Yesterday the boys and I drove to Port Townsend where we met up with my mom for lunch. The weather was perfect; sun, blue sky, light breeze, and a soft layer of fog over the water. We got there about half an hour before my mom’s ferry was to arrive so we drove up and down Water Street noting various restaurants, a cupcake place, and a small grassy park. My mom could only spend about two hours with us so we needed to make the minutes count. And we did. We ate pizza, coloring many-legged aliens and tracing our hands with crayons on white paper while we waited.
After lunch we wandered down the street to the park. The boys quickly made a friend to play pirates with while my mom and I sat on a bench talking quietly, so as not to frighten the children or ourselves, I am not sure which, about the rapid progression of dad’s Alzheimer’s.
It has been about two years, maybe more, since I was really aware of it; much longer for my mom as she has lived with him for the past forty-five years. The last several months have been bad. Really bad. And this week, while not the worst, ranks right up there as one of the top offenders. We had been planning to get together this Thursday for a couple of weeks. We were planning on meeting in the middle of the distance between us and spending a better part of the day together but things lurched sideways the night before. Mom called and canceled her trip, not wanted to leave dad alone. But I felt she needed this. She needed to get away. She needed to see her grandsons. She needed to talk. And I needed it too. So we drove twice as far to see her for two hours. She has an in home care person every Thursday for three hours so we made it work.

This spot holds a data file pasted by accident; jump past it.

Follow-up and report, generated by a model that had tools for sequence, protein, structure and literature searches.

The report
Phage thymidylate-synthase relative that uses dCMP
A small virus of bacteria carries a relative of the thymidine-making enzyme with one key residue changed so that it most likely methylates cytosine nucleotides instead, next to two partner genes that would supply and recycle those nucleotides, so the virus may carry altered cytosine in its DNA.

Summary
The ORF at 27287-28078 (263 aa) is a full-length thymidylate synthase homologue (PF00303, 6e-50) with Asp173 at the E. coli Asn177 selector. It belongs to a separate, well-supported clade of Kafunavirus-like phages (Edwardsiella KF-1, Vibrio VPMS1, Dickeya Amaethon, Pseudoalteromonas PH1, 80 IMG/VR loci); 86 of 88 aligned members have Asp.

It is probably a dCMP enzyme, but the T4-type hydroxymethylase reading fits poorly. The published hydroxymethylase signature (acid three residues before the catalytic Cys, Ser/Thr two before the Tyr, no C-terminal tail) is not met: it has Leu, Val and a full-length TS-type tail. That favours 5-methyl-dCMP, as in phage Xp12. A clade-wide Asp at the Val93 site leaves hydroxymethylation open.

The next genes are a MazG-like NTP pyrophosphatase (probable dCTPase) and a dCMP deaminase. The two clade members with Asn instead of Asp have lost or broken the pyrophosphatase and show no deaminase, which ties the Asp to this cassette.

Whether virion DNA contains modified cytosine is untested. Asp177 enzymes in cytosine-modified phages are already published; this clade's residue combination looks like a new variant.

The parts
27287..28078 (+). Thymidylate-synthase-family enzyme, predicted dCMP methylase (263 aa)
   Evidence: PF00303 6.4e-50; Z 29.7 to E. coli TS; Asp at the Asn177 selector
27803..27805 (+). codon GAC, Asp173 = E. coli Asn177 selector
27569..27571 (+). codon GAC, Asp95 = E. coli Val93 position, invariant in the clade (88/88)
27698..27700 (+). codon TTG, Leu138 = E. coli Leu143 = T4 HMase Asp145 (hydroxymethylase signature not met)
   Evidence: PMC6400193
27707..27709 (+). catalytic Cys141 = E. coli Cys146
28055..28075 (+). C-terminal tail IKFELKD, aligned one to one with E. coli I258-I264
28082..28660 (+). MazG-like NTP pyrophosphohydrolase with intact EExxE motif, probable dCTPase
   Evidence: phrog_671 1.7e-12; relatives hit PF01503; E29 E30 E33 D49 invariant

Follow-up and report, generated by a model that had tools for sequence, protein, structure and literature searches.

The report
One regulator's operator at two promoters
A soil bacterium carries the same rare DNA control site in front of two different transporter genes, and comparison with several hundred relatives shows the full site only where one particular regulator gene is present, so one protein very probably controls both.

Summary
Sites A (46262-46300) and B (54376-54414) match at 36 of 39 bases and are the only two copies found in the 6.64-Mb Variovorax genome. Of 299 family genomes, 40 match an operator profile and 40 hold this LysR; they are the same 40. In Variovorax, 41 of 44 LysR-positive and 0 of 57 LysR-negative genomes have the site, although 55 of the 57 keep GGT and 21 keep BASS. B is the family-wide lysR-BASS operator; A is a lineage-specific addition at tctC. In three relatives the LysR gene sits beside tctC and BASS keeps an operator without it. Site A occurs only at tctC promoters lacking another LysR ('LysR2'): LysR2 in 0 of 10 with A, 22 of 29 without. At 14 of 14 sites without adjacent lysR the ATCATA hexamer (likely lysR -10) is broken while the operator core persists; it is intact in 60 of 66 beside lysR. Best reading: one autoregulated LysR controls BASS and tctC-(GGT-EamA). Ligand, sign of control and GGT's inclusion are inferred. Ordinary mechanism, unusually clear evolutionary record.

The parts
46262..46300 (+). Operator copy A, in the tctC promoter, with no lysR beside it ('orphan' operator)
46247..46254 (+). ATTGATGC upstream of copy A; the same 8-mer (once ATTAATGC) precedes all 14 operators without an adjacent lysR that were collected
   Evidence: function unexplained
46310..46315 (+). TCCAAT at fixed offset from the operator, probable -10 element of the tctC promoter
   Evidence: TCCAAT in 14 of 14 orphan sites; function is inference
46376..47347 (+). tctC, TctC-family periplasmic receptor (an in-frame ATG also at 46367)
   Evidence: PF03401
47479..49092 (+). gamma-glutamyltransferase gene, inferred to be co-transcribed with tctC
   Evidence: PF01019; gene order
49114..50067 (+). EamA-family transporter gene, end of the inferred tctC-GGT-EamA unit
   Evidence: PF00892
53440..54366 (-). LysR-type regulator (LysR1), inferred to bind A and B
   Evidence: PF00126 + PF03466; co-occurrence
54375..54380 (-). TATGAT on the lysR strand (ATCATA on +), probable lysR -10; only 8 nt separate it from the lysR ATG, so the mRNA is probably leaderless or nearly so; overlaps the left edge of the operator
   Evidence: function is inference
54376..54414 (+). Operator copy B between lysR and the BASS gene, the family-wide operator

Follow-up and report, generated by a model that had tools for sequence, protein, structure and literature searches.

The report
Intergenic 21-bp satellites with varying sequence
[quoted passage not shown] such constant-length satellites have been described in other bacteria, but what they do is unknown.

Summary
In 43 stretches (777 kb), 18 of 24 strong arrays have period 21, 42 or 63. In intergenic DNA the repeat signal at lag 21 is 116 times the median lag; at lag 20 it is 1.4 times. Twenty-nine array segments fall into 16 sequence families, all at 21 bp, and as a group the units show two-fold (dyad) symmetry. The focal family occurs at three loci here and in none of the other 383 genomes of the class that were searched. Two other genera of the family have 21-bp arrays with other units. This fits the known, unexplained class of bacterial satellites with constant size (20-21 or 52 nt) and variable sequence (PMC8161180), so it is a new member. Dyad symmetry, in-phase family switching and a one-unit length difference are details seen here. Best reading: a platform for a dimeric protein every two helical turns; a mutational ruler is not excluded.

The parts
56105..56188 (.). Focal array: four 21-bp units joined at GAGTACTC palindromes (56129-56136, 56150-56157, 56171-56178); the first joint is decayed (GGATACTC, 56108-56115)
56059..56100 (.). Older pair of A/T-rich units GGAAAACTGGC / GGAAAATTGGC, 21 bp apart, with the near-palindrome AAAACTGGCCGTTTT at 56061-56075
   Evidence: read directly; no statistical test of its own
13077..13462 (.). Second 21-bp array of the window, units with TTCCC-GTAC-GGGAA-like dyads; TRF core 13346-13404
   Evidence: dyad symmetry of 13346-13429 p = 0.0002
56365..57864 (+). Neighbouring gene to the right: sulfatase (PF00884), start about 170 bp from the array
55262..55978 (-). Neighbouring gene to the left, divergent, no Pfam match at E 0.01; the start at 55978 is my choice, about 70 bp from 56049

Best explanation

After we waved goodbye and watched her ferry leave the dock we found a cute neighborhood park with beach access to burn off some energy before our long car ride home. I sat on the shore watching the boys fish seaweed out of the water, absently picking up pebbles and sea glass while mulling over the days conversation. By the time we had to leave I had a pocket full of beach I decided I must bring home with me. Out of the blue, I told the boys that I was going to store my rocks in my summer treasure jar, an empty fireweed honey jar from the local farmers market.
Today I stood in the kitchen looking at my jar of treasure thinking of my dad and mom. The situation. There is no way around it, no way out of it. I feel as though I can help so little and it drives me to tears. What do I have? I have memories of my dad; my childhood, the rough teenage years, the relationship we have as adults. I can offer those to my mom written on scraps of paper, perhaps rolled around a pencil to make them curl, and placed in a jar. Memories in a Jar. When she finds herself sitting in their house of forty plus years with a man who does not remember who she is, she can read them. She can add to them her own memories. Maybe it will help us all remember just a little bit more. Maybe…